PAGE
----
example, can lead to loss of sense of smell, nosebleeds,
problems with swallowing, hoarseness, and a chronically
runny nose. Ingesting cocaine can cause severe bowel
gangrene due to reduced blood flow. People who inject
cocaine can experience severe allergic reactions and, as
with any injecting drug user, are at increased risk for
contracting HIV and other blood-borne diseases.
Cocaine withdrawal occurs when
a heavy cocaine user cuts down or quits taking the drug.
Cocaine produces a sense of extreme joy by causing the
brain to release higher than normal amounts of some
biochemicals. However, cocaine's effects on the body can
be very serious or even deadly.
When cocaine use is stopped or when a binge ends, a
crash follows almost immediately. This is accompanied by
a strong craving for more cocaine, fatigue, lack of
pleasure, anxiety, irritability, sleepiness, and
sometimes agitation or extreme suspicion.
Cocaine withdrawal often has no visible physical
symptoms like the vomiting and shaking that accompanies
the withdrawal from heroin or alcohol.
In the past, people underestimated the addictive
properties of cocaine. However, cocaine is addictive
when addiction is viewed as a condition involving desire
for more of the drug despite negative consequences.
The level of craving, lack of pleasure, and
depression produced by cocaine withdrawal rivals or
exceeds that felt with other withdrawal symptoms.
Primary symptoms may include
depressed mood, fatigue, generalized malaise, vivid and
unpleasant dreams, agitation and restless behavior,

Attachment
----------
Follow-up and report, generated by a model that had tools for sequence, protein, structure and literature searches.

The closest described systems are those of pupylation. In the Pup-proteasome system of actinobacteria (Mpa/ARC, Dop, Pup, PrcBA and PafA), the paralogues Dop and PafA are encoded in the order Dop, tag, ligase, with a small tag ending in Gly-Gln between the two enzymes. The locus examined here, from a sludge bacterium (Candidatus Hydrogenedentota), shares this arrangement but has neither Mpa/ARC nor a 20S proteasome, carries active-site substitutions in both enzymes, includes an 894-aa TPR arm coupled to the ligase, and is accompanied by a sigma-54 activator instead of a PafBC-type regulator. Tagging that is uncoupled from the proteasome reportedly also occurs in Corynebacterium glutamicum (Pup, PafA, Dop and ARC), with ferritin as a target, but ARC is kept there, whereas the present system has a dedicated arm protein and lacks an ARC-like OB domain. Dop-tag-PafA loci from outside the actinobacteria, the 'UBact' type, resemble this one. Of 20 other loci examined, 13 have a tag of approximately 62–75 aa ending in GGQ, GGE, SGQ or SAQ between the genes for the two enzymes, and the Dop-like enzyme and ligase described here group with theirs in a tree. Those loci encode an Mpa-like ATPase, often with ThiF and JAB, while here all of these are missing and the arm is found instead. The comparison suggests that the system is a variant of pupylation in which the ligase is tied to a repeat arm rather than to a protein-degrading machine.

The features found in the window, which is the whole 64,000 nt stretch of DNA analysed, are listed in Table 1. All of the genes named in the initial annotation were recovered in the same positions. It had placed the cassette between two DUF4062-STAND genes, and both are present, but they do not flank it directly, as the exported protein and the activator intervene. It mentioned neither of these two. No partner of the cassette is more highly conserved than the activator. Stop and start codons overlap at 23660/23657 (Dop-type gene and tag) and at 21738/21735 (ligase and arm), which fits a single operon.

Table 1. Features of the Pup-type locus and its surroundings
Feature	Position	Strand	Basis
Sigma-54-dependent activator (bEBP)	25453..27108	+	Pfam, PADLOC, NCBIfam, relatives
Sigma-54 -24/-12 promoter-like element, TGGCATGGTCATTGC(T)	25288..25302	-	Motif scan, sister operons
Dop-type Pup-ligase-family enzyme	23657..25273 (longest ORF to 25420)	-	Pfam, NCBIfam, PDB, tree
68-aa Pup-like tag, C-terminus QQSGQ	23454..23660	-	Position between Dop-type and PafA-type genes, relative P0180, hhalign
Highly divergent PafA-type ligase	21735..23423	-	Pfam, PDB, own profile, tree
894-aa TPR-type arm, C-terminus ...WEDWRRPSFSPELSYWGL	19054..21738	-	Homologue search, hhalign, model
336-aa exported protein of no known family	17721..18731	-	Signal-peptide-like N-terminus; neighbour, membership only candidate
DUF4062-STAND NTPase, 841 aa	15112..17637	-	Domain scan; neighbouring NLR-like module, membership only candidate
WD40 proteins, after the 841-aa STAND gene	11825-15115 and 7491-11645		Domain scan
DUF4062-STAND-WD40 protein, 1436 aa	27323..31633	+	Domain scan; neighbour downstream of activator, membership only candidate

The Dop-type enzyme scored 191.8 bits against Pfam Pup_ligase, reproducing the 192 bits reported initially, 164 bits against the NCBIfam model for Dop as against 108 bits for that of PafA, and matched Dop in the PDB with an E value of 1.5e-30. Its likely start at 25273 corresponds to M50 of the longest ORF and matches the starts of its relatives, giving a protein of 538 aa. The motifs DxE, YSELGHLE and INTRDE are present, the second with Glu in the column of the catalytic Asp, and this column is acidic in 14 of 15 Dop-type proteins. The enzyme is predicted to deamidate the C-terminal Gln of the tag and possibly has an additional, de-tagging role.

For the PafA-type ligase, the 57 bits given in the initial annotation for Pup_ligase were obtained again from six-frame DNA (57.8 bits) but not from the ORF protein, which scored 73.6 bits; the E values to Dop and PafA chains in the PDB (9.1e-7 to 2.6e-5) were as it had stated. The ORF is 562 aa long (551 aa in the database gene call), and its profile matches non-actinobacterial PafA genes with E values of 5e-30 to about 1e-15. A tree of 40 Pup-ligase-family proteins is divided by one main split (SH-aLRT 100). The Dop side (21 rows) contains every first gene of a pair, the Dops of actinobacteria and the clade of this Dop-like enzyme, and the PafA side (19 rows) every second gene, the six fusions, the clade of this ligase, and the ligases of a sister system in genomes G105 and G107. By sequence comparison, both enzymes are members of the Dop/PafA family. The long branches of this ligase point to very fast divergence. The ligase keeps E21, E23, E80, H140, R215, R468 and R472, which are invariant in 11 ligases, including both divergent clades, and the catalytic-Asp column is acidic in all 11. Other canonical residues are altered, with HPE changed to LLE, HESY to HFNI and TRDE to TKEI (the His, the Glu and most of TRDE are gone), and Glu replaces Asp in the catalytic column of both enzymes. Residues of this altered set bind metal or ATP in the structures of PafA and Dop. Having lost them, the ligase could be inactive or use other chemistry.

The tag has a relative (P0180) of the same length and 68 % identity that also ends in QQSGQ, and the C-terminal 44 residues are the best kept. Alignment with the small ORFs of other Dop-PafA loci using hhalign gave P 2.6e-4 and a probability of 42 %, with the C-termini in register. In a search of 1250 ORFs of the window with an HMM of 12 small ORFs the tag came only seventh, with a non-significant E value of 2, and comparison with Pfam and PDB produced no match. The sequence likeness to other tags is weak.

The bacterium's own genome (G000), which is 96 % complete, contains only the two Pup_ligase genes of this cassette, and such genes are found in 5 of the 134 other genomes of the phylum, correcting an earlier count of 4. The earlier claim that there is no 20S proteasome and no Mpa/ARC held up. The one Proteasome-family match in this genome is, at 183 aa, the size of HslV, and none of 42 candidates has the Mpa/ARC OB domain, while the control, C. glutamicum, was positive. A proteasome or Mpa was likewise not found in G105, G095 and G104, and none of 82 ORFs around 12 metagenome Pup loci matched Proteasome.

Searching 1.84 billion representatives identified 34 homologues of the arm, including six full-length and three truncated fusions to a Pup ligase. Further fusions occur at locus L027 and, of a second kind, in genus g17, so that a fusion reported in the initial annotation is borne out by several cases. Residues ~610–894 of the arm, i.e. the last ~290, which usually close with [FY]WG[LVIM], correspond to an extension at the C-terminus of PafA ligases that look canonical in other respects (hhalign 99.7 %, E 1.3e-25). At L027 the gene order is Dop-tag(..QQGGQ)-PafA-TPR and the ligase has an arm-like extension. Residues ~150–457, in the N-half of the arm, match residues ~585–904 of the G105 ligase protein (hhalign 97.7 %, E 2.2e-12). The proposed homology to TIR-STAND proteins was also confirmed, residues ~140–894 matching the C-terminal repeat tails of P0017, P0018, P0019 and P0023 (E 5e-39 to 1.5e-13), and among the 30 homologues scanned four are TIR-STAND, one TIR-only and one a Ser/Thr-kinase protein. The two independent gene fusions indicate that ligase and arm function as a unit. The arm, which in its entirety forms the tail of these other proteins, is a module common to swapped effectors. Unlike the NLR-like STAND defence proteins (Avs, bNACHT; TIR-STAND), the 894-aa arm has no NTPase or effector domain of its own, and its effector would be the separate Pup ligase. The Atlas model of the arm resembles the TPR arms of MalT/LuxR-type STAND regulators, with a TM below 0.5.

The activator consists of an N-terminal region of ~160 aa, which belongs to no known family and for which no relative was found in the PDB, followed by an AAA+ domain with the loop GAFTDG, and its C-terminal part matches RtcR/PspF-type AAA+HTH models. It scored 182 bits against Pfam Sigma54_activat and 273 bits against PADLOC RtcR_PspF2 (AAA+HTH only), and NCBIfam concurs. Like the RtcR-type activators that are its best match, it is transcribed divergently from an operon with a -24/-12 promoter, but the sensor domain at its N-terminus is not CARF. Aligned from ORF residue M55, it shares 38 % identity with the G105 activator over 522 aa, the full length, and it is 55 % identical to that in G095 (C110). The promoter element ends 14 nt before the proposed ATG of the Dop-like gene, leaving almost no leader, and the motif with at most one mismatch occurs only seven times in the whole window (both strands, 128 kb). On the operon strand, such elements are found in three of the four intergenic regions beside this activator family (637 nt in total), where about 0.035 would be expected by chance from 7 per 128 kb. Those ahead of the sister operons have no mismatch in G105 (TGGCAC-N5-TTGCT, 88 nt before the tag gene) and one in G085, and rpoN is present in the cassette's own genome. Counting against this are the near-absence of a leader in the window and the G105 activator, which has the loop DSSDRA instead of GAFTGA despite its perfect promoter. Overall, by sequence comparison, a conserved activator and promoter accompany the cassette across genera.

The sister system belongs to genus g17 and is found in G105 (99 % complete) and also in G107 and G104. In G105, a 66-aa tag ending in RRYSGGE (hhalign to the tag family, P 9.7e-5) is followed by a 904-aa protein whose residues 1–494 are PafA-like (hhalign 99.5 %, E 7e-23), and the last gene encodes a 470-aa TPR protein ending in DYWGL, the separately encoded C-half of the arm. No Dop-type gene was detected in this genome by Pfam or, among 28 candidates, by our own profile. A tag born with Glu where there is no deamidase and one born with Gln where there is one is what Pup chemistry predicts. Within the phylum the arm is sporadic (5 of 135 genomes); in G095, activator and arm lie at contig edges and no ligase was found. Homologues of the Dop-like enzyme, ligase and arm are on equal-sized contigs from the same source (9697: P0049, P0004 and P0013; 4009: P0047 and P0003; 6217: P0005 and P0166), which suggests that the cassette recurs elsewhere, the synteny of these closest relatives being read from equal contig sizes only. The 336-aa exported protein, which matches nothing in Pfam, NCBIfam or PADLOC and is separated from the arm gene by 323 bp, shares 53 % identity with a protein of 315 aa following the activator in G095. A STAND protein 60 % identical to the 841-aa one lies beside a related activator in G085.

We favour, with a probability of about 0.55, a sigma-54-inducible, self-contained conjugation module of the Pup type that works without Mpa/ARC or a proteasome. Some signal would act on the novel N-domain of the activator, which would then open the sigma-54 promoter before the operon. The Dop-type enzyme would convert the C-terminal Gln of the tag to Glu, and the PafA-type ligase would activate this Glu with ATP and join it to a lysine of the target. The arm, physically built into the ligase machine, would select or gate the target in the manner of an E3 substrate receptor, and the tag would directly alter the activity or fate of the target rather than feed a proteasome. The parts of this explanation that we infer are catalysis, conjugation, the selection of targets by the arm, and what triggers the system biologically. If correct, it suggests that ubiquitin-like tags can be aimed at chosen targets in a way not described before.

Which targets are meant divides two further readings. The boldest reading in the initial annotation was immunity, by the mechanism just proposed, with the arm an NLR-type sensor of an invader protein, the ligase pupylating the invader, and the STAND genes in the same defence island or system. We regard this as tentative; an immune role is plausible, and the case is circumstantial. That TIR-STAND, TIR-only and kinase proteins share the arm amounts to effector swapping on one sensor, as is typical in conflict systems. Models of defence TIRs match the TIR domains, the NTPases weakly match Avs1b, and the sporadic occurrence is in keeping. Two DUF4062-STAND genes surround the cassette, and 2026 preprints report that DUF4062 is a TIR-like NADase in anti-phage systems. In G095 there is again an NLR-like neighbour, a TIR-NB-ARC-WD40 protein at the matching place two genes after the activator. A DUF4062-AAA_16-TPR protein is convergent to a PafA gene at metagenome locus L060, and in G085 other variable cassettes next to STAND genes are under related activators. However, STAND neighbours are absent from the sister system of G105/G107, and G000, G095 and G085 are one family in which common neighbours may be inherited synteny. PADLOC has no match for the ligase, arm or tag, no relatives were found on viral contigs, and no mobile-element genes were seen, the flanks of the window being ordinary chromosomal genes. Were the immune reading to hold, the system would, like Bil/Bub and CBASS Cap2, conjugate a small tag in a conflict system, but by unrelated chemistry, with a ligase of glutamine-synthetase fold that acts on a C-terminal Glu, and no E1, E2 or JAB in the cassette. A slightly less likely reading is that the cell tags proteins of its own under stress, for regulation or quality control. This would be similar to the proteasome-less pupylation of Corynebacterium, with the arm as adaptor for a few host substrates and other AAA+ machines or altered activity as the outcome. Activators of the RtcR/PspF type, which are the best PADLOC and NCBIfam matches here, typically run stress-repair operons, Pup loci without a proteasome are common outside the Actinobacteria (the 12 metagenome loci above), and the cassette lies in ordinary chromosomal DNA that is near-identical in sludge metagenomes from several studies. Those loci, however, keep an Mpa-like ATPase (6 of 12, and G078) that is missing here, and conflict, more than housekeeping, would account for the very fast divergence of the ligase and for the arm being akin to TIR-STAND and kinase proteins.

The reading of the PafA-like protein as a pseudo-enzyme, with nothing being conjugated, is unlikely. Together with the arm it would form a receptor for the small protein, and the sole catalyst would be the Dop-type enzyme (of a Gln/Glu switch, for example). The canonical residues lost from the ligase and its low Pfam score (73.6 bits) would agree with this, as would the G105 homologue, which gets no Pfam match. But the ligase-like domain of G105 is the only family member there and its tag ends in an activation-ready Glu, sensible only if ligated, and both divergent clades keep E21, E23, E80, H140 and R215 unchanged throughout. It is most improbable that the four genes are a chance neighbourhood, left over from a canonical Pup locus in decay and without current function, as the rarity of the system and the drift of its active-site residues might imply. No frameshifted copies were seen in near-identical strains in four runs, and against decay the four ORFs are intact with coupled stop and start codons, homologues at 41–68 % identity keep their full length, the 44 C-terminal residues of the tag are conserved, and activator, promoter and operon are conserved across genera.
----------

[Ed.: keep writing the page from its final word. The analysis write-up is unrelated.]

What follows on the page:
slowing of activity or increased appetite.
and depression can last for months following cessation
of long-term heavy (particularly daily) use. Withdrawal
symptoms can also be associated with suicidal thoughts
in some people.
During withdrawal, there can be powerful, intense
cravings for cocaine. However, the "high" associated
with ongoing use becomes less and less pleasant, and can
produce fear and extreme suspicion rather than joy. Just
the same, the cravings may remain powerful.
Signs and tests
A physical examination and history of cocaine use are
sufficient to diagnose this condition.
The withdrawal from cocaine may not be as unstable as
withdrawal from alochol. However, the withdrawal from
any chronic substance abuse is very serious. There is a
risk of suicide or compensatory overdose.
Symptoms usually resolve completely over time. People
experiencing cocaine withdrawal often attempt to
self-medicate with alcohol, sedatives, hypnotics, or
antianxiety agents, such as diazepam (Valium).
Self-medication or replacement is not advised, because
each simply shifts addiction from one substance to
Because at least 50% of cocaine addicts have a
co-existing mental disorder (particularly depression and
attention-deficit disorder), these conditions must be
considered and treated aggressively.
Relapse rates are dramatically reduced when these
conditions are treated appropriately. All prescription
drugs should be monitored carefully in patients who
Information from this page comes from both NIDA and